While getting up after delivering a jarring hit to Nevada quarterback Cody Fajardo that silenced the crowd in Reno, Nevada last Saturday, CSU linebacker Aaron Davis gave his latest victim a little extra shove in the chest.
“I didn’t realize I did it honestly,” Davis said as he laughed looking back on it. “I was just pumped and trying to get up. I didn’t realize it until I watched film.”
It is not much of a surprise that Davis barely recalls the incident. From the opening kickoff to the final whistle, the native of Norwalk, California goes into a different state of mind.
On game day, Davis turns into an entirely different person than the laid-back guy whose infectious laugh, warm smile and friendly personality will brighten your day.
“It’s fun and games off the field but as soon as Aaron steps out there he’s just ferocious,” cornerback Bernard Blake said.
That transformation comes easily to Davis. The product of an athletic family, he has been around football his whole life, but he has also been around the calm California lifestyle for quite some time as well.
“I was born in Norwalk. It’s like Long Beach but it’s a little town,” he said. “The area isn’t very good but my parents wanted me to have a good education.”
So they sent him to Los Alamitos High School in Orange County.
“It was kind of by the beach so there were a lot of surfer guys,” Davis recalled. “That might be where I got it from.”
The “it” he’s referring to is his calm demeanor when the helmet comes off. Even immediately following a long practice Davis is all smiles.
“I guess I’ve always been kind of a chill guy,” Davis said with a grin, “but I like to hit people too.”
Watch any CSU game and you’ll see that he’s not kidding. Davis leads the Rams in tackles (57 total, 30 solo) and is good for at least one thunderous hit every game.
It doesn’t take much for him to flip that switch and turn into a different person than the cool guy who still rides his longboard to class.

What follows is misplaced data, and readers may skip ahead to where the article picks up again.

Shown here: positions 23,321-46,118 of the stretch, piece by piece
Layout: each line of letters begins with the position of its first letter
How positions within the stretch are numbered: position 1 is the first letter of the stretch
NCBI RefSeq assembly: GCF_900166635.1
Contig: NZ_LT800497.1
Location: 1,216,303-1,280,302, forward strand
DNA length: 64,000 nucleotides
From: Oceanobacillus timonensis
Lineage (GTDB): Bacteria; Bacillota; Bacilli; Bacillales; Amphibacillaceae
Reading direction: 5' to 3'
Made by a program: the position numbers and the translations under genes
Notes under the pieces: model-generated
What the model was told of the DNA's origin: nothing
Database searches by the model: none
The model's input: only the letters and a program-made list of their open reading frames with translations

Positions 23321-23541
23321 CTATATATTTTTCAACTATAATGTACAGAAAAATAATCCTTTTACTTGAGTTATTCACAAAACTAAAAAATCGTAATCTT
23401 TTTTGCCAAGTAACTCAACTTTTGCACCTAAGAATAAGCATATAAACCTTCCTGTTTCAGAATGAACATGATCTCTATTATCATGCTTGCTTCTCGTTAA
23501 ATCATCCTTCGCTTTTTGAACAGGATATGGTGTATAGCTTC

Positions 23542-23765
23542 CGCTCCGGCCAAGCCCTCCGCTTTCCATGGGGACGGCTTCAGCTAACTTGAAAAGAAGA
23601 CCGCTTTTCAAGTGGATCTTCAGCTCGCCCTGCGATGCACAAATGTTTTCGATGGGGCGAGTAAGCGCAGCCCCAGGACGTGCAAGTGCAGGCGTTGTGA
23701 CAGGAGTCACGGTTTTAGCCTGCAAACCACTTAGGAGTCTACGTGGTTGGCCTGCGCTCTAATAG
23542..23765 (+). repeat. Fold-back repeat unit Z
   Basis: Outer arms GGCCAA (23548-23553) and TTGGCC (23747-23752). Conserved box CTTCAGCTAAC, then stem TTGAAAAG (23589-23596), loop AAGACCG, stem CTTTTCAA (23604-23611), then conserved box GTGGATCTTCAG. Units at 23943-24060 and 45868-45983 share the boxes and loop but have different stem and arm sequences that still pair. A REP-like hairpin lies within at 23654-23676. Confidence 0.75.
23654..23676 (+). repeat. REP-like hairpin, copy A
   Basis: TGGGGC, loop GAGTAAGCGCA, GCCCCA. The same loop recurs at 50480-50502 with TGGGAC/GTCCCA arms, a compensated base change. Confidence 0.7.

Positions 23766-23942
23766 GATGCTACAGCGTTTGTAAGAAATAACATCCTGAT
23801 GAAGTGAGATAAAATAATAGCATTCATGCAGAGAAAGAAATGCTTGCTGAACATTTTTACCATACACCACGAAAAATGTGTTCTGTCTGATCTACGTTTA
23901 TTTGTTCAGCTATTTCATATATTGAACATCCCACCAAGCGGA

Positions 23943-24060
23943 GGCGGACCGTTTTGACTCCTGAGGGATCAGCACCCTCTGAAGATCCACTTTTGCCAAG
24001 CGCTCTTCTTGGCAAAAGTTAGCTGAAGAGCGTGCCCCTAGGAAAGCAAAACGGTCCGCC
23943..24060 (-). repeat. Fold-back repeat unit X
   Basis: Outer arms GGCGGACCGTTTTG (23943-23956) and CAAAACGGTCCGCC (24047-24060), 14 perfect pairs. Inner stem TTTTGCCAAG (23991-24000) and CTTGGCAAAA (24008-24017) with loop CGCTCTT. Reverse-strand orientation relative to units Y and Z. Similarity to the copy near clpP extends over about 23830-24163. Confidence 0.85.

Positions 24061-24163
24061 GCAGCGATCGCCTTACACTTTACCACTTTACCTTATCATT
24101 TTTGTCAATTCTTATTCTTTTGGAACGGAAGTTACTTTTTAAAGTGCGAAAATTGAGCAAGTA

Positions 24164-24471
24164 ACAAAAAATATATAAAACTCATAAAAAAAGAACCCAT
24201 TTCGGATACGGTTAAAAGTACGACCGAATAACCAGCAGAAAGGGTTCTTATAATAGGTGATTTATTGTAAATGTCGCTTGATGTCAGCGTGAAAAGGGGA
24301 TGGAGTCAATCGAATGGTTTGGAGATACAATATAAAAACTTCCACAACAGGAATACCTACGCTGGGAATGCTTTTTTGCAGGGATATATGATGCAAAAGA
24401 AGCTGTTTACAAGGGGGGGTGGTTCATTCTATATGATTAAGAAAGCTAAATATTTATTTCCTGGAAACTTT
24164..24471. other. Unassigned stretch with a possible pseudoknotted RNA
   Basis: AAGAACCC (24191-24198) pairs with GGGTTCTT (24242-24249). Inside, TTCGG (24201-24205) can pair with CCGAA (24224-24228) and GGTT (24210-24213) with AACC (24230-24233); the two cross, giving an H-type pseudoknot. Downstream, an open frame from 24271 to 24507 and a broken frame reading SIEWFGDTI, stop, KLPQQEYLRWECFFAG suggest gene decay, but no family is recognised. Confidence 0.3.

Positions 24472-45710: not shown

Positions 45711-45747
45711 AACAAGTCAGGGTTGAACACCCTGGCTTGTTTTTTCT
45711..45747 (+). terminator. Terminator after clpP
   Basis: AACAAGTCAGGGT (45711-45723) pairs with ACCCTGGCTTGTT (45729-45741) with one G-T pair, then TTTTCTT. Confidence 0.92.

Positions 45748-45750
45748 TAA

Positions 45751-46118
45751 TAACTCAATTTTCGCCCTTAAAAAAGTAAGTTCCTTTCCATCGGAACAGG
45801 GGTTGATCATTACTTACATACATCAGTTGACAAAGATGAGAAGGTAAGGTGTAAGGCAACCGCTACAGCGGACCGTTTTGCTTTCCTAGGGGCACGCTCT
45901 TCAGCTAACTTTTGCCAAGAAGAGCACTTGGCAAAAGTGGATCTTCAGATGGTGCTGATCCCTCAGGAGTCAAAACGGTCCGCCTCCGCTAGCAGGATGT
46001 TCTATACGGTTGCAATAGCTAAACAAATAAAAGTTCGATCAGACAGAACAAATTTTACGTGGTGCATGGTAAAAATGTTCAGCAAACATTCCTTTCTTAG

“Aaron is a businessman as I like to call it,” safety Kevin Pierre-Louis said. “He’s all about fun when it comes to life but when he puts that helmet on he turns into something else. He turns into a guy I wouldn’t want to mess with on the field.”
But off the field, he flips that switch off and reverts back to the guy who relaxes by playing the ukulele with teammates Nu’uvali Fa’apito and George Maumau.
“I’m half-Samoan so we have that Polynesian bond,” Davis said. “Maumau taught me the uke and I picked it up from there.”
Now he’s passing that wisdom onto other members of the defense.
“Aaron’s our little ukulele leader. Maumau was our original dude,” Fa’apito said. “They taught basically half of the team. Now we’ve got kids from Florida and all over learning the ukulele.”
Amongst those who have picked up the instrument is junior safety Trent Matthews, who will gladly tell you he was the fastest learner.
“Trent picked it up okay for a lefty,” Davis joked. “Tyree [Simmons] picked it up fast too but Joe Kawulok is my best prodigy right now.”
Those on the team who haven’t learned the instrument still chip in on vocals sometimes.
No one teases Davis about his unique hobby, but he remembers getting teased for something else when he first arrived at CSU: his weight.
“My freshman year when I first got here I was about 190 (lbs.), if that,” Davis laughed. “I told them I play linebacker, ya know. And everyone… they still tell me today, ‘when you first got here, man, we thought you were sorry,’ but when I stepped on the field they were shocked.”
He has been proving the doubters wrong ever since, including the Pac-12 schools such as Washington who had shown interest during his high school career but stopped calling as signing day approached.
Davis is not bitter about being passed up back then because of his size – he’s too easygoing for that – but he has not forgotten either.
“It’s always in the back of my mind,” he said, “but you know, I’m just blessed to be here. You never know who’s going to give you the opportunity. When you get that opportunity you just have to go seize it and you’ll be alright.”
That’s the nice Aaron Davis talking though. He doesn’t need to take verbal shots at anyone or dwell on the past.
He would rather save his energy for opposing backs, who would probably have a hard time believing what a nice guy he is. After all, they only get to see Aaron when he’s in game mode.
But when he snaps out of game mode, it is the polar opposite.
“Sometimes you walk by him and just want to ask, ‘why are you so happy?’” Blake joked.
The blistering hits Davis lays come just as naturally to him as the cool demeanor he carries himself with.
His instincts and tackling make Davis a terror on the field. The ukulele is just a bonus.
Collegian Staff Reporter Emmett McCarthy can be reached at email@example.com and on Twitter at @emccarthy22.